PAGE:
Lost Faith In Central Banks And The Economic End Game


Central banks have focused most of their efforts on levitating the Dow as well as energy markets for some time now.

Why? Because the general public does not pay attention to any other market indicators. They do not care that equipment giant Caterpillar is having the worst profit period in the company’s history. They do not care that the Baltic Dry Index, a measure of global shipping rates and thus a measure of global orders for raw goods, continues to bounce around well below its original historic lows due to crashing shipping demand. They do not care that according to the World Economic Forum, oil demand has dropped to levels not seen since 1997. They do not know nor do they care to know. Their only barometer for economic danger is the Dow, and central banks know this well.


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We live in strange economic times, stranger perhaps than at any other point in history. Since 2007-2008, the globally intertwined and dependent fiscal system has suffered considerable declines in every conceivable area. Manufacturing around the world is in a slump, from Japan to China to Europe, with the minimal manufacturing accomplished in the U.S. also fading. Consumption is falling, most notably in petroleum and raw materials. Employment is truly dismal, with the U.S. posting over 94 million people as “non-participants” in the national work force.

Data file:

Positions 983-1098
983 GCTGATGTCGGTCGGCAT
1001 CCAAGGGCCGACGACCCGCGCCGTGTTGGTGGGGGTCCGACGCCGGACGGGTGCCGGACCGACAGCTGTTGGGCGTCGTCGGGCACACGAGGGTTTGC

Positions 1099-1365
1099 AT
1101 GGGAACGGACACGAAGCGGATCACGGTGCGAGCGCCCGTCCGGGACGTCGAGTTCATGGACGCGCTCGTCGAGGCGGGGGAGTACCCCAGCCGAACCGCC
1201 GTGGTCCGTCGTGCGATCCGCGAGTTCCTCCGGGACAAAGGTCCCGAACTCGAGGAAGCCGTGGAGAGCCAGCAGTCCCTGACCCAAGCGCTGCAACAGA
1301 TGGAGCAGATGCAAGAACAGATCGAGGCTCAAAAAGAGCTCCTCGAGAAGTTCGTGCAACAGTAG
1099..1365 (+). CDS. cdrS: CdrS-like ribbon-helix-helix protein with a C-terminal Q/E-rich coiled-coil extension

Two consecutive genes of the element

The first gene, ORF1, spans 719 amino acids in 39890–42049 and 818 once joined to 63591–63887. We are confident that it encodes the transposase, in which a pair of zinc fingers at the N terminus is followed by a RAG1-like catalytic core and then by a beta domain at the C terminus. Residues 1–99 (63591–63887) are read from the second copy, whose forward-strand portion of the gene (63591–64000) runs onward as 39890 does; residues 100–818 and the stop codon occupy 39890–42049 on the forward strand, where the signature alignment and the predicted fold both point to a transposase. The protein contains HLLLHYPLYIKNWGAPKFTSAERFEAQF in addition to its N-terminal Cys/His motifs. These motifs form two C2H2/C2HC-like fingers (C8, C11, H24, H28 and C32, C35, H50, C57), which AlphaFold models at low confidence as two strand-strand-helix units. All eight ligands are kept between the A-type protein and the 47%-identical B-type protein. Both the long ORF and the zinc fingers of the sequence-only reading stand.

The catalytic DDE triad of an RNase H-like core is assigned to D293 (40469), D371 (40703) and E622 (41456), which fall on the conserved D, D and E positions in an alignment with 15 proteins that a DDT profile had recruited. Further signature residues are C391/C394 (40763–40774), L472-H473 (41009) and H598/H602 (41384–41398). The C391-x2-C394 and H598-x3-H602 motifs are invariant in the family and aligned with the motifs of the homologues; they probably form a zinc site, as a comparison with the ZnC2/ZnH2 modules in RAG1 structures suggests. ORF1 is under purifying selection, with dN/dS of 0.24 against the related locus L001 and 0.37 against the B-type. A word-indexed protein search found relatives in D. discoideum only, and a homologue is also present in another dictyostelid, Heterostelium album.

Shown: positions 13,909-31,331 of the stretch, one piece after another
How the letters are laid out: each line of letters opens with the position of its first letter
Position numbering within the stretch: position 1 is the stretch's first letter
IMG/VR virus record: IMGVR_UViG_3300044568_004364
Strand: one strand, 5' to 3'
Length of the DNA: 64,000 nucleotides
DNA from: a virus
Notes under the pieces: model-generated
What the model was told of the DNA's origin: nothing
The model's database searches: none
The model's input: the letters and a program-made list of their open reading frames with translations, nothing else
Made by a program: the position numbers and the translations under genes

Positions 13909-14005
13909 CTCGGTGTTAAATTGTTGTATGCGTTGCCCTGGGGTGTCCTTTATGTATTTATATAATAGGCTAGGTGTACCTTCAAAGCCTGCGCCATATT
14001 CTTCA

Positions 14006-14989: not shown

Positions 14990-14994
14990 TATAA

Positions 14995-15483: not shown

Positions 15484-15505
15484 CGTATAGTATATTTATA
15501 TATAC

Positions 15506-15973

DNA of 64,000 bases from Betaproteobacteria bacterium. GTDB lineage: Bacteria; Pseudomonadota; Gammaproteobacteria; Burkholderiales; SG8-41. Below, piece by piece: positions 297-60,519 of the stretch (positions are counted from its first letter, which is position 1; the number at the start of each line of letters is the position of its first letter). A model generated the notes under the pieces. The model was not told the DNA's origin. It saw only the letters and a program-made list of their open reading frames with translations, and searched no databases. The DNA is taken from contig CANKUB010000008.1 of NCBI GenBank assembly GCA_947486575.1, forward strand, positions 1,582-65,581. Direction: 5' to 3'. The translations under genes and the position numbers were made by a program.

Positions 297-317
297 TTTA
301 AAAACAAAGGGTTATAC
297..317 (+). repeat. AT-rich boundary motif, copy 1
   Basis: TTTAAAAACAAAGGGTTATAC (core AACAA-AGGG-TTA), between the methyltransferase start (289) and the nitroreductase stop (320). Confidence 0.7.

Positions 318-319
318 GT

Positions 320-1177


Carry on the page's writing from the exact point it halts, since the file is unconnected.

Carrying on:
High-paying jobs are disappearing, and the only jobs replacing them are in the low-wage service sector. This problem is becoming so pervasive that certain more socialist states including California and New York are attempting to offset the loss of sustainable income jobs by forcing retail and service companies into paying an inflated minimum wage. That is to say, states hope to stop the bloodletting in wages by magically turning low-paying jobs into high-paying jobs.

As anyone with any economic sense knows, you cannot have a faltering consumer sector in which people are buying less and force service-based companies to pay their employees far more per hour than the job is worth. Those companies will simply lay off more employees, cut hours or shut down entire branches of their operations in order to maintain their profit margins. Either that, or those companies will go out of business.

One sector, though, has continued to reap certain benefits (for now), and that is equities. There is a good reason for this.